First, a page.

DBT at Stonewater

Stonewater believes in enacting lasting change for the adolescents we treat. We know that every young person in our program has so much to offer, and the treatment we provide ensures they can leave substance abuse behind to lead a fulfilling life. DBT is the key that unlocks our clients’ full potential: it allows them to be more self-aware, empathetic and in control, and it instills long-term healthy physical and psychological habits.
adolescent treatment patient
Our approach to DBT is entirely proprietary to our program. We intentionally incorporate elements of the certified DBT model, not only as specific therapies but also as a broader ethos underlying everything we do. DBT relies on active dialogue, self-acceptance and a willingness to work with others, on both the patient’s and the therapists’ part. DBT generates an environment of respect, teamwork and open-mindedness that encourages self-directed engagement, particularly among the age group we treat.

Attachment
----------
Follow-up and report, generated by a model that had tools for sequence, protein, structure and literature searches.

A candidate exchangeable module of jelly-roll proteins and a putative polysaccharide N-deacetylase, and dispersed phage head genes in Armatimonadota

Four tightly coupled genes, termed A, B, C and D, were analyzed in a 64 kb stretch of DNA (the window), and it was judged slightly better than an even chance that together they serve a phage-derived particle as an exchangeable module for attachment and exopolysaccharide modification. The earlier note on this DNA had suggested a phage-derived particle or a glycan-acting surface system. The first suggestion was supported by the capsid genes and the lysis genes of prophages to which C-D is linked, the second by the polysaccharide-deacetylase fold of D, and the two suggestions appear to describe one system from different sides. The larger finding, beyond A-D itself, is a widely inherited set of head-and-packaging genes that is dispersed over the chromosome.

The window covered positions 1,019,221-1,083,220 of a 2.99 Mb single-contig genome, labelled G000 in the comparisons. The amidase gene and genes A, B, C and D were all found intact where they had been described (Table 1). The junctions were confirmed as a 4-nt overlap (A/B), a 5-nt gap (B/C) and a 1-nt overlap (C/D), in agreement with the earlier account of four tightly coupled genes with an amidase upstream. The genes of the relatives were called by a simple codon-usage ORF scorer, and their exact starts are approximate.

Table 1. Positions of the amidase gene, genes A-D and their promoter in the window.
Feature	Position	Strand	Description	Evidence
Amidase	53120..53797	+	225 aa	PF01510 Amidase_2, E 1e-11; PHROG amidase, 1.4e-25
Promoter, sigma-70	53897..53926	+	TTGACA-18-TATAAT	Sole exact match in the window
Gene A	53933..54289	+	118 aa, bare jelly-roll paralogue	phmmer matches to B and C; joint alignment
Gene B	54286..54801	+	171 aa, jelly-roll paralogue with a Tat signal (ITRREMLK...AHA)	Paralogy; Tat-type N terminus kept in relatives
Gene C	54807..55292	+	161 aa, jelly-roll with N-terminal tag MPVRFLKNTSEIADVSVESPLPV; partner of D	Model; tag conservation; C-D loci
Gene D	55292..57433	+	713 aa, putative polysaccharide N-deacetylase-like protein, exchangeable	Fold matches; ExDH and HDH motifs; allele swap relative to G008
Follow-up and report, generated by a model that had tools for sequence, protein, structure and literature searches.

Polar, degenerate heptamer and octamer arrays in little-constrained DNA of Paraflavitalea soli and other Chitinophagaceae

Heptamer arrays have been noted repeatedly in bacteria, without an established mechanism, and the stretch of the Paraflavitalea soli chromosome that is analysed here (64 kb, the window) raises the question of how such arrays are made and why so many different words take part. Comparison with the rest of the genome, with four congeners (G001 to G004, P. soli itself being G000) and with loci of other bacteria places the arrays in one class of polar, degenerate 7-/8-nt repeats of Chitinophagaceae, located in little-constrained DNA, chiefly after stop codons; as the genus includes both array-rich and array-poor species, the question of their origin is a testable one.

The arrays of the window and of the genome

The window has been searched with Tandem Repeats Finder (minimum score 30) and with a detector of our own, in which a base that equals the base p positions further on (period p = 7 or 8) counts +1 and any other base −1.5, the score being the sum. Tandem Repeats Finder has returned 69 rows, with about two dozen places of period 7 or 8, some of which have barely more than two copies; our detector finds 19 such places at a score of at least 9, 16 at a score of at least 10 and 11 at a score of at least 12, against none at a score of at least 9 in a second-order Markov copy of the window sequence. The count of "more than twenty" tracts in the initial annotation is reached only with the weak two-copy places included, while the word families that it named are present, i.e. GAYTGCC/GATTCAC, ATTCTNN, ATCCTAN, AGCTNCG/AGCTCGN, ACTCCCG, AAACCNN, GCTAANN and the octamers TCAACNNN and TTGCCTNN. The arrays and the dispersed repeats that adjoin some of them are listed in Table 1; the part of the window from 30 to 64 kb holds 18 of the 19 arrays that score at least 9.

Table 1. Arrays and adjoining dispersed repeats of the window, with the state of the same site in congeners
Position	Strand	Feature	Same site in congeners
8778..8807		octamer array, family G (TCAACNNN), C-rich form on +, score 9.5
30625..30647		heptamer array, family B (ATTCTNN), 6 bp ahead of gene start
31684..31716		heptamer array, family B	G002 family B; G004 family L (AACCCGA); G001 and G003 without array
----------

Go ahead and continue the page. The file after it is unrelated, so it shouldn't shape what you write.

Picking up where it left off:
Part 1: Individual Introduction

In each patient’s first session with their therapist, they receive an individualized DBT orientation that includes an overview of DBT and what it looks like at Stonewater, as well as information about how this model promotes acceptance, change and long-term skill development. This orientation is an opportunity for therapists to start an ongoing conversation with the patient; it is not intended to be a lecture or a set of instructions, but rather an invitation to participate in the recovery process.

Part 2: Educational and Practical Modules

The official DBT model is composed of more than 30 skills that help patients establish healthier habits. At Stonewater, we focus on eight of these skills most relevant to our patients during their 60- to 90-day stays. Our goal is to ensure that every patient masters these eight skills completely, so they can leave our program and confidently implement them in everyday life right away. Within the first month of treatment, all eight skills are introduced through rotating therapy modules. Then, over the following weeks, they are reinforced through module repetition, practical applications and our other therapeutic modalities.